POETRY //

Tryptych of poems about Innocence Network UK (INUK) and reflections on its member innocence projects

The following three poems are linked in the order that they appear and the dates that they were written. They express:

  1. Poem 1: my response to a series of published articles when Innocence Network UK (INUK) was terminated that made false and misguided accusations that I, personally, had somehow abandoned innocent victims of wrongful conviction and imprisonment when, in truth, Innocence Network UK (INUK) was a mere training and case referral service to member innocence projects in UK universities for them to further investigate identified lines of inquiry. Indeed, Innocence Network UK (INUK) was not, itself, an investigatory body and, moreover, Innocence Network UK (INUK) was closed down because of a general lack of interest and progress with case investigations by its members as it was deemed to be unethical to continue to refer cases to innocence projects who were not working on them sufficiently;
  2. Poem 2: my thoughts on the general lack of progress of cases that were referred in good faith by Innocence Network UK (INUK) to its member innocence projects, the majority of which seemed to have put the education of students ahead of case investigations and justice for innocent prisoners and their families: but how can students be educated about wrongful convictions if they are not working on cases; what can they actually learn?;
  3. Poem 3: my overall reflections on Innocence Network UK (INUK) and decision to no longer be involved with the politics and in-fighting of the alleged miscarriages of justice/wrongful conviction community, which was a most pernicious experience, in the hope that innocence projects would then have to step up and innocent victims of wrongful conviction and imprisonment and their families might be better served by those that did.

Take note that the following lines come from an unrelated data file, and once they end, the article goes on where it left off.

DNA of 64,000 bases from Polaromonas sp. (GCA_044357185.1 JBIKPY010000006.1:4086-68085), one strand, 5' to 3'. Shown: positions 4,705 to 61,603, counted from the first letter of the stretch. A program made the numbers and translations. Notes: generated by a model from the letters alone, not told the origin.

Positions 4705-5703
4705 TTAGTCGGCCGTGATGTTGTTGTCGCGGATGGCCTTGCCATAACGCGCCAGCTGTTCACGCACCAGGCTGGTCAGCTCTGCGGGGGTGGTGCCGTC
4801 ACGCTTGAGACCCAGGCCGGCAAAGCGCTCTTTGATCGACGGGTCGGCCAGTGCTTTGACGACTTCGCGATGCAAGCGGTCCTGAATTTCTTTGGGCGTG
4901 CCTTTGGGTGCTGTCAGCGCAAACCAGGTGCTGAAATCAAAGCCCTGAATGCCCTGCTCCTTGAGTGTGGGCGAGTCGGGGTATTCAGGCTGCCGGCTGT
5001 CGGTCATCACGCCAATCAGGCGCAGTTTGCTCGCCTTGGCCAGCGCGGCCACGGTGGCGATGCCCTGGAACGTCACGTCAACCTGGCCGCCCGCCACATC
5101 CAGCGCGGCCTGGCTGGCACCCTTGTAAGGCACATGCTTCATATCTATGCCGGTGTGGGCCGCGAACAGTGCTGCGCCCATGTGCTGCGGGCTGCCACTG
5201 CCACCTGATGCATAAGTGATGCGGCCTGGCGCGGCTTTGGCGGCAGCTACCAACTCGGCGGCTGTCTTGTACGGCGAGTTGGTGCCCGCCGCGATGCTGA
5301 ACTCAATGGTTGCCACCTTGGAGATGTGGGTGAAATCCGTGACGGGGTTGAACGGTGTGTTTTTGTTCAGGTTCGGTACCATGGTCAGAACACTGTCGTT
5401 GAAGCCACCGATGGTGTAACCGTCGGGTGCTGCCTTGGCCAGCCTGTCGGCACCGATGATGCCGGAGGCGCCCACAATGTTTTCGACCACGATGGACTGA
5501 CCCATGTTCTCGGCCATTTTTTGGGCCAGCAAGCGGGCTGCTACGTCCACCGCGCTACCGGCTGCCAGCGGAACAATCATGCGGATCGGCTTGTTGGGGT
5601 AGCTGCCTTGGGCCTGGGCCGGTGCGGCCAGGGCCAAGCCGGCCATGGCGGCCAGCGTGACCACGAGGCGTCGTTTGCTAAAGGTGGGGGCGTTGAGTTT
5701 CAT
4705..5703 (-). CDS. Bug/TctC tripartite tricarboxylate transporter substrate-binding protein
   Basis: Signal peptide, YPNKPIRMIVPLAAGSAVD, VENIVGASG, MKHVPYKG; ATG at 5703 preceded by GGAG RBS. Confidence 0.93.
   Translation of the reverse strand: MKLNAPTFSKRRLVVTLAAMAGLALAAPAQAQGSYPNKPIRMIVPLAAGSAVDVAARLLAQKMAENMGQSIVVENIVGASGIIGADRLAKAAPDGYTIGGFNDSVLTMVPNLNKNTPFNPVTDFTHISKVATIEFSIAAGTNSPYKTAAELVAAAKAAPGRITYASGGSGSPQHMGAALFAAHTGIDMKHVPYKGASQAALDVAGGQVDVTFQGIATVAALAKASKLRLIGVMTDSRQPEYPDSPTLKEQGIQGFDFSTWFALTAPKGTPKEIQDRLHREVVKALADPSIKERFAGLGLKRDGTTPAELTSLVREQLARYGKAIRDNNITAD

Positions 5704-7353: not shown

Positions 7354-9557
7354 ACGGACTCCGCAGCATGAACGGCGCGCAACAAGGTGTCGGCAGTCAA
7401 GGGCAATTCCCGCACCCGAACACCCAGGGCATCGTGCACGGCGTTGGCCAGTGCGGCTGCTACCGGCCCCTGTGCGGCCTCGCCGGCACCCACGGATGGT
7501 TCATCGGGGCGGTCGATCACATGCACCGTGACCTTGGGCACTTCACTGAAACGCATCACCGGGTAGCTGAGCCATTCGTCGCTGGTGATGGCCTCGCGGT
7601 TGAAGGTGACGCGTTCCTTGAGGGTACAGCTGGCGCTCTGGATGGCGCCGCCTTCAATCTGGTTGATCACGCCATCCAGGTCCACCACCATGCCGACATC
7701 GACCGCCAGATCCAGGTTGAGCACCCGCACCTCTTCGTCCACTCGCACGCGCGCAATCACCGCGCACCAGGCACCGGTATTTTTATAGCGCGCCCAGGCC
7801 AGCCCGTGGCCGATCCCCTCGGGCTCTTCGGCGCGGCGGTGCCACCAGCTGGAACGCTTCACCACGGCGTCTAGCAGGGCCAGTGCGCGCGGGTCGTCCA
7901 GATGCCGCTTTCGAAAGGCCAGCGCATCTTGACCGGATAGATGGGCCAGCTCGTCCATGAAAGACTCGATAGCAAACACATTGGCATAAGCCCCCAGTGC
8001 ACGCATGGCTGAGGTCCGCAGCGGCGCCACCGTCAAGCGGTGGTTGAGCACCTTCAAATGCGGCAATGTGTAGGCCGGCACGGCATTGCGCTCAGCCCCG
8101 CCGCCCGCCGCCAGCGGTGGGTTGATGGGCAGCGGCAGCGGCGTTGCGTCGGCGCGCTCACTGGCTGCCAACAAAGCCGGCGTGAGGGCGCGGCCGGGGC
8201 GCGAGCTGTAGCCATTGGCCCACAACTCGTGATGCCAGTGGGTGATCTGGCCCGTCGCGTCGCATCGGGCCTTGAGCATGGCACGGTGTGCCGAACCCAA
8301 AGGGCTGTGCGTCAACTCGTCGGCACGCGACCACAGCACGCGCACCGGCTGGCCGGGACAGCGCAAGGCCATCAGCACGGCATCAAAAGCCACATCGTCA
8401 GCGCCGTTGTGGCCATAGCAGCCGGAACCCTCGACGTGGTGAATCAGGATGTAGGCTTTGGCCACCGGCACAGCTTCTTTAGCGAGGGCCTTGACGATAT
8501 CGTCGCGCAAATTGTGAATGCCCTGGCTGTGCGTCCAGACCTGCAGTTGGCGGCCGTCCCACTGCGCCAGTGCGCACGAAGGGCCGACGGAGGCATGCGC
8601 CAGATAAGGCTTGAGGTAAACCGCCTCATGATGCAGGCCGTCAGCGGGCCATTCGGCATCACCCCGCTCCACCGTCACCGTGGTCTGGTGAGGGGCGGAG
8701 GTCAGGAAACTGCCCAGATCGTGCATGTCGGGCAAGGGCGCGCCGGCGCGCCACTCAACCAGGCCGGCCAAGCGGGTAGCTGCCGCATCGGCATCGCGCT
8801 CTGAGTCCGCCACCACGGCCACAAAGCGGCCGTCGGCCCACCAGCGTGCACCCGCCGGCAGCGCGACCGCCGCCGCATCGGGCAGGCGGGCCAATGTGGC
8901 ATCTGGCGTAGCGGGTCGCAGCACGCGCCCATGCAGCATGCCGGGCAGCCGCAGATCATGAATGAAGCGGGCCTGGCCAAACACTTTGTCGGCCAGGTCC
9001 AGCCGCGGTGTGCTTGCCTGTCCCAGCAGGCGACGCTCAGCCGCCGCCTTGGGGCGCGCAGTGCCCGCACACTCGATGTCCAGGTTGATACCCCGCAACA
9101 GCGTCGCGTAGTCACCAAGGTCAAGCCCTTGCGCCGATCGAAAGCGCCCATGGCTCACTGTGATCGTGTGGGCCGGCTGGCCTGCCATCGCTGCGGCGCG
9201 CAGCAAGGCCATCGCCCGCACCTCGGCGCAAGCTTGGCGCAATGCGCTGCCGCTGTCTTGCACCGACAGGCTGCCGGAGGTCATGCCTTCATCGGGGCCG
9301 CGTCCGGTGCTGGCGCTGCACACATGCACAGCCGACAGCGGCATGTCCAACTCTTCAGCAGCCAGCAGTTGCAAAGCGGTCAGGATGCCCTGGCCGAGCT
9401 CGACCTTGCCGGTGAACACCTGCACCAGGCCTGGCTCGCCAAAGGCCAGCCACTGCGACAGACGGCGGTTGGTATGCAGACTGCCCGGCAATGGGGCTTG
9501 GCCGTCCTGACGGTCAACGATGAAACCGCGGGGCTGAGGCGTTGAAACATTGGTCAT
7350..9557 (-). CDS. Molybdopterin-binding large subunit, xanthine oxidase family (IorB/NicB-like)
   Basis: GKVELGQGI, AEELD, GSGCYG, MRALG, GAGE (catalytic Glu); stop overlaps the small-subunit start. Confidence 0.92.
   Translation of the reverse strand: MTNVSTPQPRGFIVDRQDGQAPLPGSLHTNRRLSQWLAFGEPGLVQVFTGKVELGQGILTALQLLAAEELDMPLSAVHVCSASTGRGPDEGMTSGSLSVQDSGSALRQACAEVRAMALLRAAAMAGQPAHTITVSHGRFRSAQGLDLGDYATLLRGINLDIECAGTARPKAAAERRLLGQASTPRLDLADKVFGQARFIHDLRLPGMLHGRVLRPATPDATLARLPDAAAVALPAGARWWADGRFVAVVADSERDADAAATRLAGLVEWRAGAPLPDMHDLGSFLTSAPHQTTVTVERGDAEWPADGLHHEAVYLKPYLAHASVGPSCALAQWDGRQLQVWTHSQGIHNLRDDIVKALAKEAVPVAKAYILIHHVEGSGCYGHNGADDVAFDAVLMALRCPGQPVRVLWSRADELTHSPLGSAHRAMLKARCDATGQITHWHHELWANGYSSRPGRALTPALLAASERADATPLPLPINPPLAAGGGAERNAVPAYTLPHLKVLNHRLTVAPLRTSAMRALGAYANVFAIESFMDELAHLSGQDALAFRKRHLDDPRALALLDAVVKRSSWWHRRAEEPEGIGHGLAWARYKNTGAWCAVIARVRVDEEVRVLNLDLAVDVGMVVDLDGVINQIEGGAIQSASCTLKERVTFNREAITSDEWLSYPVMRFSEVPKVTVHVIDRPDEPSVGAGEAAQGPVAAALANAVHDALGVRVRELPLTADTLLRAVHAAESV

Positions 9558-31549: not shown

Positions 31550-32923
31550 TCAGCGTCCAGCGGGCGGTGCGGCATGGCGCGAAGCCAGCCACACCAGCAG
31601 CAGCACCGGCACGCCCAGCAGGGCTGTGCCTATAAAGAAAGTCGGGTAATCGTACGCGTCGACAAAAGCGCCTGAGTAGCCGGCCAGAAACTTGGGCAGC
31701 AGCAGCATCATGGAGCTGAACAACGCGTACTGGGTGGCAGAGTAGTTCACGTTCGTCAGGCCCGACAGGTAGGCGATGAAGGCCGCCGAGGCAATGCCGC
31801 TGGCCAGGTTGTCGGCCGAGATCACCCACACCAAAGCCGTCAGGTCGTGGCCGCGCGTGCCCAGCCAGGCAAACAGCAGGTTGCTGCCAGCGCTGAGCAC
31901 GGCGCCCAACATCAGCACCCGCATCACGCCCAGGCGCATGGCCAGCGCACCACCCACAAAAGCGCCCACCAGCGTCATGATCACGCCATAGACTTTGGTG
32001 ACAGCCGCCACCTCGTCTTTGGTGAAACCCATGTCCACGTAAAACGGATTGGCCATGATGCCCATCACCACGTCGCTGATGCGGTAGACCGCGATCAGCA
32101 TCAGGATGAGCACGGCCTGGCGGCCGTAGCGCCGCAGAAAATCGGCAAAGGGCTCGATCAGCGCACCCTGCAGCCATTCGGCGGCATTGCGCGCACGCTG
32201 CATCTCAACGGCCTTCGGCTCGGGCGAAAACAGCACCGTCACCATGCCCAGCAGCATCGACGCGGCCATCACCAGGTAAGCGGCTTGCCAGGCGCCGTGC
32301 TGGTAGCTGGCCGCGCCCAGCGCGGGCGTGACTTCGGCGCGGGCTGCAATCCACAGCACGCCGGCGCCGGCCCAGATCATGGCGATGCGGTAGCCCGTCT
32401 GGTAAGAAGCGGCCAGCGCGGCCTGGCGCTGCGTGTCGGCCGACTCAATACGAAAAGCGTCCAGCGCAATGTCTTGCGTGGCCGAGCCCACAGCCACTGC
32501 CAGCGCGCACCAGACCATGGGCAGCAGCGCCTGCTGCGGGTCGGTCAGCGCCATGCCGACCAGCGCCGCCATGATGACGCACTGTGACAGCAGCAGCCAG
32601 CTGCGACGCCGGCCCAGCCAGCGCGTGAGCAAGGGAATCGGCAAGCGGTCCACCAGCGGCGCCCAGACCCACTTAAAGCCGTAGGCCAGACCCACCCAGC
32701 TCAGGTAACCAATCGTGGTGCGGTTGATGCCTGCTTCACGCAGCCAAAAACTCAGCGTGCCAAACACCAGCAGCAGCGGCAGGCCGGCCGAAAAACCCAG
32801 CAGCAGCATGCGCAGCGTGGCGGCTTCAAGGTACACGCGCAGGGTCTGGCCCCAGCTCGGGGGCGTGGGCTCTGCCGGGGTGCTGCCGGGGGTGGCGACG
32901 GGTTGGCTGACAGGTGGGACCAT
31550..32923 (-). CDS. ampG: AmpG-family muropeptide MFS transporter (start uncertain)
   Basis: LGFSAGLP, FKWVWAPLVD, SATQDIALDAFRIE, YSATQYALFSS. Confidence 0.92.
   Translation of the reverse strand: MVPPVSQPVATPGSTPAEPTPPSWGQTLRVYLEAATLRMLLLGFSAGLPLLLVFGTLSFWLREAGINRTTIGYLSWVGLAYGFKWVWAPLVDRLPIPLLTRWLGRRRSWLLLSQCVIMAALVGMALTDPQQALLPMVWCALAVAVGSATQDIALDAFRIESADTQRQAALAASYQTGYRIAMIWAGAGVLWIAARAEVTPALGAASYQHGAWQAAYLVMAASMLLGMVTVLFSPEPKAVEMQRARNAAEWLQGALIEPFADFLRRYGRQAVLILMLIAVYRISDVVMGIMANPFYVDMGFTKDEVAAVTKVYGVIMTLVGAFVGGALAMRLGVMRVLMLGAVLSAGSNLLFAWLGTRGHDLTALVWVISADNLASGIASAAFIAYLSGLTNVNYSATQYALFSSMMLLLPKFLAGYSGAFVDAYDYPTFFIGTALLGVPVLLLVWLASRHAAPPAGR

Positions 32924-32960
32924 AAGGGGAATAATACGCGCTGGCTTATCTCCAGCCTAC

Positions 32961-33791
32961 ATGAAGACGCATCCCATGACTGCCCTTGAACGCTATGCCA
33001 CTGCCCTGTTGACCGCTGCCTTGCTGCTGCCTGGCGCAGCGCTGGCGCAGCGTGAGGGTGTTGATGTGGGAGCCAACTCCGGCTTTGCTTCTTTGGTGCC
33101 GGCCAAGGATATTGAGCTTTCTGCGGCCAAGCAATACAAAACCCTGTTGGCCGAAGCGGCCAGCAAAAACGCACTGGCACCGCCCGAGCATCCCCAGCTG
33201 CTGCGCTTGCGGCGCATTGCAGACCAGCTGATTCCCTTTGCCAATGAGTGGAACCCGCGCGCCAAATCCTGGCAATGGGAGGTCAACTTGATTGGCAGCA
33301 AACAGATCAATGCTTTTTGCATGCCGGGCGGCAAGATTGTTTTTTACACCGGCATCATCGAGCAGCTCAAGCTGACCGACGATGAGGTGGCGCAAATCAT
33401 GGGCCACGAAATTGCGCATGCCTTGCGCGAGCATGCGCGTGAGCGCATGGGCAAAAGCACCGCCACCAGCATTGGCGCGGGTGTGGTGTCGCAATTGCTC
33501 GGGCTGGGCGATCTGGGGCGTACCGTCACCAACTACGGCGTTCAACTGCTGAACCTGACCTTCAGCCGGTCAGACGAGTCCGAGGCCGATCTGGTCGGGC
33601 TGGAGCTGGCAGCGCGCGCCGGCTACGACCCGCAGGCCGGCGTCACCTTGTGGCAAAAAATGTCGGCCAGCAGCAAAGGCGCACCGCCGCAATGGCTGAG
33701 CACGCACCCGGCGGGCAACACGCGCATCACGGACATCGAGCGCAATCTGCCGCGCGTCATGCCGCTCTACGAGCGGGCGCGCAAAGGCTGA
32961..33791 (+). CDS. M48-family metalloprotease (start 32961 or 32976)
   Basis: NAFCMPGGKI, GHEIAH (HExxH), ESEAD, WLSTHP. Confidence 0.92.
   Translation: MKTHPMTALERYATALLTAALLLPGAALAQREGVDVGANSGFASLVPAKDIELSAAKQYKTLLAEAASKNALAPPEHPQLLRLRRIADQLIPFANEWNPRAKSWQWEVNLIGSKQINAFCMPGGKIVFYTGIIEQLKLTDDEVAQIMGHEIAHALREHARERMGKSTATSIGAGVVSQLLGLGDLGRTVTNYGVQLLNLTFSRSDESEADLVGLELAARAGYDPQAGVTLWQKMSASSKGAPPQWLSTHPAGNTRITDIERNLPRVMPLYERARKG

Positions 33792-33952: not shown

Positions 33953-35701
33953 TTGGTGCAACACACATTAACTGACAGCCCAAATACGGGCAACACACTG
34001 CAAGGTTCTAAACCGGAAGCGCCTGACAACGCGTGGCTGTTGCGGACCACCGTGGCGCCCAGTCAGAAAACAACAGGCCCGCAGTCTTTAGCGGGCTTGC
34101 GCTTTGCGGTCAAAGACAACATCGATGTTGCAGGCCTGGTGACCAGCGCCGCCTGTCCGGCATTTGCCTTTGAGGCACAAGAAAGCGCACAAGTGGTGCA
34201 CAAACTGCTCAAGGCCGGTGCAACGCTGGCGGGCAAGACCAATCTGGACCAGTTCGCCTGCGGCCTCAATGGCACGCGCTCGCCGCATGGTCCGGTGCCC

1. Innocence lost?

Shallow and begrudging platitudes only thinly veil personal attacks
A convenient scapegoat for the dim-witted herd
Character assassinations from would be rivals will not distract from their own deficiencies and defamations
Plagiarised discourse passed off as their own
Unable or unwilling to look in the mirror
Bandwagon jumpers know no other way
Garrulous chatter in the extreme
Less talk and more action required
A hope that such shamefulness pays off for those languishing wretches desperate for their help
Time will tell which truth will out

Michael Naughton
December 2014

 

2. Let down and betrayed?

Innocence projects in the UK seemed such a fine idea
Inundated with requests from alleged victims of wrongful convictions, the need for help and hope could not be any more clear
A student army wanting a pro bono experience to strengthen their CVs
Could be harnessed for good and social justice, as opposed to the mere “what’s in it for me’s”

But that was the theory that didn’t turn out to be real
Little institutional interest in progressing casework, no investigatory zeal
A few notable exceptions aside, a lack of progress with cases turned out to be the norm
Willing and eager students not supported, just could not weather the storm

So here we are, ten years has past
We have an additional part of the legal landscape that looks likely to last
But what of the innocent prisoners and their families you might ask
Let down and betrayed by an educational mask?

Michael Naughton
January 2016

 

3. The Engineer

There was an engineer
Who had a good idea
That wasn’t very clear
It nearly cost him dear

Many others got on-board
For reasons untoward
Who might best have been ignored
But he wasn’t self-assured

Then he had a true belief
That the people needing relief
Might be better rescued from their grief
If he was no longer seen as Chief

It was hard to walk away
And even to this day
He struggles not to have his say
To stay out of the affray

But it’s really for the best
It’s now gotten off his chest
It’s now over to the rest
It’s time for them to pass the test

Michael Naughton
May 2016

 

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